The Illusion of Fame

My sister was on homecoming court two years in a row.

For many, that means nothing, but when you grow up in middle America (where the best of life happens under the Friday night lights), homecoming court makes celebrities out of seventeen year-olds.

I was in the seventh grade then. And I knew I wanted to follow her. This was before she breezed through college and landed a lifetime career and found her husband. In the seventh grade, I saw my sister sitting next to the cutest boy in the school, atop a decorated convertible, circling the football stadium for the whole town to applaud, and I wanted to be her.

Really, I wanted her fame.

Except, I never made it to the final five when I was seventeen. My friends rode the convertibles with the cute boys while I leaned against the fence that lined the stadium track and watched. Celebrity evaded me.

I’ve since distilled high school down to one box of photo albums, varsity letters, yearbooks and an old pair of Birkenstocks, but the memory of my friends circling the football field while their names reverberated through the PA system into the autumn-night sky still hangs in my memory.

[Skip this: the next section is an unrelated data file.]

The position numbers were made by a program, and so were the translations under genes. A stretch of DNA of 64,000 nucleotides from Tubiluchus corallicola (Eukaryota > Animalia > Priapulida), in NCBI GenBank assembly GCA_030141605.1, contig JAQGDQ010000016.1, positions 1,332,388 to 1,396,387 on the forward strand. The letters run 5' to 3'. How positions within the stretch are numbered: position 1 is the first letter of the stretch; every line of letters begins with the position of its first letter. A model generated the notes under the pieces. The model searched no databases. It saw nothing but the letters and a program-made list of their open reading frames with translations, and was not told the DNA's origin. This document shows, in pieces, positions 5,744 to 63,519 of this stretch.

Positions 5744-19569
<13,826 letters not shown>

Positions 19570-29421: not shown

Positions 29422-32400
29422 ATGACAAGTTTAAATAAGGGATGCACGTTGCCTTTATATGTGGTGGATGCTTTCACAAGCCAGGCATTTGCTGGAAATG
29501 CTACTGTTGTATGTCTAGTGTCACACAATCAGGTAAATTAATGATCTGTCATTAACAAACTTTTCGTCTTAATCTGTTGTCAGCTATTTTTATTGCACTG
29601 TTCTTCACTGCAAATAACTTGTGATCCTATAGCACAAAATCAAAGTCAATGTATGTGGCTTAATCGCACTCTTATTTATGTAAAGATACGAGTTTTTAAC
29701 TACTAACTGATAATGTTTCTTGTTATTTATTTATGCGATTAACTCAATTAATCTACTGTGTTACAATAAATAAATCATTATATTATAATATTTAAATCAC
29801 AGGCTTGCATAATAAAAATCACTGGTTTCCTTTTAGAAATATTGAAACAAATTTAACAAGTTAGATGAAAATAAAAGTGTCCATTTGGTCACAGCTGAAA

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The Illusion of Fame

My sister was on homecoming court two years in a row. For many, that means nothing, but when you grow up in middle America (where the best of life happens under the Friday night lights), homecoming court makes celebrities out of seventeen year-olds. I was in the seventh grade then. And I knew I wanted to follow her. This was…
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